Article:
So, we produce a significant amount of actual video content, audio content, entertainment content. As an executive producer, you're the one that everything sort of filters through, or it filters down from you. Whether it's a creative idea to start with, whether it's just the beats of whatever we're going to do, it all, literally… The executive producer has the ultimate decision and call. And then, also, it's regarding personnel, like, putting the right team together, which is so important in anything we do. Also, the executive producer will make that determination who's working on this project, that project. The ultimate project manager when it comes to TV, or content, video content, audio content. And then, at the end of the day, somebody who, I think, the staff sort of runs ideas through. And I'm the one that also, ultimately, might be like a Gary Bettman. I might poke holes, or figure out why that idea has… The gem of the idea will work, but if we did this or that, or this or that, how it could be better, and how it might come to life. And it's also my job to bring things to fruition, whether it's internally at the NHL, or externally with our partners at ESPN, or Turner, or Sportsnet, or even another partner, whether it's a sponsor, or somebody outside of our world who we think it would be awesome to partner with.


Ryan Berman  25:47 

I'm curious how creative your job is, versus, how operations-focused your job is.


Steve Mayer  25:54 

So, I'm known… Like, for me, I'm the creative guy. I'm operational in some instances, but I also really lean on people on the operational side because I know enough to be dangerous, but I really respect the people that can execute the vision. And we say that a lot, like, if you asked other people we work with what their job is, they might actually say, “I'm here to take Steve's crazy ideas and bring them to life.” And, I'm telling you, if you took 10 people on my staff of over 100 people, I bet you nine out of 10 would say, “I take Steve's crazy shit, and I'm making come to life.” And that's cool. I'm an idea guy, I always have been and I love that part of what I do, I love it. And I challenge myself personally to just keep on trying to make everything we've done a little better, and come up with new ideas. And I've also surrounded myself with the best of the best who can take some of this stuff that comes out of this crazy brain and somehow makes some sense out of it. And that's cool. We have a really great team that executes a lot.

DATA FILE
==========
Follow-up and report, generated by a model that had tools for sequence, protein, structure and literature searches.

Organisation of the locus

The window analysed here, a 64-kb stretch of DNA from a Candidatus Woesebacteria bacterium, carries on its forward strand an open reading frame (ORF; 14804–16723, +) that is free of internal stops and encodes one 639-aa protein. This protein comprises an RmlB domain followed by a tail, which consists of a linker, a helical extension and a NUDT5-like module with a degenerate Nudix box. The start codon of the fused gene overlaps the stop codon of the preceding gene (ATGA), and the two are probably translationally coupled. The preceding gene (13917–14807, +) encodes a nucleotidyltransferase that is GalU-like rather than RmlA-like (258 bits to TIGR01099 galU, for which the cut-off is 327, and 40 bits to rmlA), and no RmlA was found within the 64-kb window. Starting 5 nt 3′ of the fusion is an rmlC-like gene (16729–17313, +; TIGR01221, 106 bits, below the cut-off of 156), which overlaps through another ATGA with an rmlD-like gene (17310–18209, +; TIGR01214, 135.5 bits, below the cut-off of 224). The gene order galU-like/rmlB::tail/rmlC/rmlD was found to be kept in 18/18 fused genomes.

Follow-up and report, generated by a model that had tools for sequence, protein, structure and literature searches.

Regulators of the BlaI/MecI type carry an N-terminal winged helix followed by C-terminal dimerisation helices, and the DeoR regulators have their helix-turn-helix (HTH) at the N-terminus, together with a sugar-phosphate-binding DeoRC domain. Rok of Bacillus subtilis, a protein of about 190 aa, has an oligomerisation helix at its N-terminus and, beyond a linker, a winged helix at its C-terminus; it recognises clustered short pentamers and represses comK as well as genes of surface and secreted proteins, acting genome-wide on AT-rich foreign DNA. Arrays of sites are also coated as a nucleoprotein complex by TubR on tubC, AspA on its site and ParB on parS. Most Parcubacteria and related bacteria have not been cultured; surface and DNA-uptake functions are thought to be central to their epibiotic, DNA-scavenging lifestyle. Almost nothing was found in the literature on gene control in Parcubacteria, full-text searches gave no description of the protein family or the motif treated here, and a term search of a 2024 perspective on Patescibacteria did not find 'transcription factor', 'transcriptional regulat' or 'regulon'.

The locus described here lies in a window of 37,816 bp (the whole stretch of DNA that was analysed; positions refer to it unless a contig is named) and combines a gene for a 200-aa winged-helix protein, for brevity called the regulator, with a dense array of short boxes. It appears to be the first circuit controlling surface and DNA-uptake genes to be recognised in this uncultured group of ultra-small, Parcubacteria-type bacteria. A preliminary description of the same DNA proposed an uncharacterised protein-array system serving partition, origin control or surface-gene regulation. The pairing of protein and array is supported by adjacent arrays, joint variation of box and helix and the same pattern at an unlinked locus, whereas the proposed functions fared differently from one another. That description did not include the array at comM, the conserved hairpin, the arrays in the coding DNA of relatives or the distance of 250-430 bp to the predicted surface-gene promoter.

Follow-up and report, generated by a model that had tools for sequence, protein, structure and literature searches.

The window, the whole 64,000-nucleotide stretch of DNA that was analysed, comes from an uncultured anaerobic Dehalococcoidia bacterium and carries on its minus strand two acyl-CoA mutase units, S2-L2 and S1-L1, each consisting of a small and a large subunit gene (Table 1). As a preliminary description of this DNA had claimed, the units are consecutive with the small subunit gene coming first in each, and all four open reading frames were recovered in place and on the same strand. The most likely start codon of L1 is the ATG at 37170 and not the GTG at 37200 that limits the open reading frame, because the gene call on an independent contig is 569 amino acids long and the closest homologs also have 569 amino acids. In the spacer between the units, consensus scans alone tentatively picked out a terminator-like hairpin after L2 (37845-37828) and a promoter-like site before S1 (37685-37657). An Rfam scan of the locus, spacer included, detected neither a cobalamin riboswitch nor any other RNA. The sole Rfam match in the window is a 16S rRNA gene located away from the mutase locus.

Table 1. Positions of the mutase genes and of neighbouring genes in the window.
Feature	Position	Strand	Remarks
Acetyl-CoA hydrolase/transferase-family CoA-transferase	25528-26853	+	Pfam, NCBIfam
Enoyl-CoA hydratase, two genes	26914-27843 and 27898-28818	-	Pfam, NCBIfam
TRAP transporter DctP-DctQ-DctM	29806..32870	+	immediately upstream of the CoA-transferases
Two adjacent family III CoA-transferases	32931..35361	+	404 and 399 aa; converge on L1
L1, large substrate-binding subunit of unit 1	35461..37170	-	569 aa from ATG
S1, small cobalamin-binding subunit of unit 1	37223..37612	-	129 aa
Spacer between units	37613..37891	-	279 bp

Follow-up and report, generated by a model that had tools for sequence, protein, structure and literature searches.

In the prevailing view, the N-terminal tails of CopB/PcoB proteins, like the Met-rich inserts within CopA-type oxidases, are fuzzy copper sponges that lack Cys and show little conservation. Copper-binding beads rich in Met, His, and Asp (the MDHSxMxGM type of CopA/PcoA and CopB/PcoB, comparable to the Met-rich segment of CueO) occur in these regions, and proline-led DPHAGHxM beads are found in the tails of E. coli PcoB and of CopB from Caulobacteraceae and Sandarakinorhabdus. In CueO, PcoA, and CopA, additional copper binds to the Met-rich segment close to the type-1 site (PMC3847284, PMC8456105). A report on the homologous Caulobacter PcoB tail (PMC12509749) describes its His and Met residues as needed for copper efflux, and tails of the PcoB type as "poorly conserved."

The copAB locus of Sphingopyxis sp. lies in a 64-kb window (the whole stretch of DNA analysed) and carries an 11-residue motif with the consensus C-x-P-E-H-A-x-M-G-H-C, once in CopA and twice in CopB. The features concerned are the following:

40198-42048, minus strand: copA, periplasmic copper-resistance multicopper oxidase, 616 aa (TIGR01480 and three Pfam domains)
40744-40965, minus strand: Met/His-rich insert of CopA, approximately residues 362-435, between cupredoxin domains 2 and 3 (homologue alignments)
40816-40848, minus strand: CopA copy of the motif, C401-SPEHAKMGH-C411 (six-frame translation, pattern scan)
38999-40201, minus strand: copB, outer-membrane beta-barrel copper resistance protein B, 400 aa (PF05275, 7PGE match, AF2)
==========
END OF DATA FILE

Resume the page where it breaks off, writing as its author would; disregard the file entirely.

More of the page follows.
Ryan Berman  27:34 

Well, my head’s nodding left and right, that’s how I tell I feel. The energy… And it almost sounds selfish, you're good at it, but the energy I get from coming up with new ideas, it’s for the greater good of a partner, or a brand. There's nothing like it. I always say I get to do a crossword puzzle every day, but the answers don't come out the next day. So, I'm screwed if I don't figure it out. There's so much joy in that. And so, I love that you said, like, “How do I take Steve's crazy idea and make it real and attainable?”


Steve Mayer  28:09 

But, isn’t it a great feeling when you have an idea, and it's up here, and you noodle it, you think about it, it comes out however it comes out, but somehow, down the line, you actually see it executed? I just think that's the coolest part of what we all do. Whether you're working at Starbucks, or you're working at the NHL, it doesn't matter. If something that you've come up with actually happens, it's really satisfying. And I think it drives me, I would think it drives you.


Ryan Berman  28:47 

Oh, no doubt. The logline of the company, pull the Ryan Berman string, is courageous ideas are the only ones that matter. And you said it yourself, everyone has access now. Too much access, maybe. It's a TV in your pocket, or whatever you want to call this thing where you watch content. So, if you're not disrupting, if you're not being a little zag to everyone else's zig, you're pretty much in trouble. Now, here's an idea for you. So, you talked about seven years of the business -- I'm not giving you an actual idea, by the way, this is a [Inaudible 29:19]


Steve Mayer  29:29

Please. By the way, I’m open for ideas.


Ryan Berman  29:23

Okay, cool.


Steve Mayer  29:24

Always open. That’s the next time we're on together.


Ryan Berman  29:26

Might not be in the second hour. So, let's talk about seven years from now, because you think about…  I always say courage is a journey word. You need courage in the messy middle. The destination is something relevant, something meaningful. So now, let's say we're back at the beginning, and you've seen how much change has happened over seven years. Seven years from now, tell me about the NHL. If you get to play a little bit, what does it look like?


Steve Mayer  29:57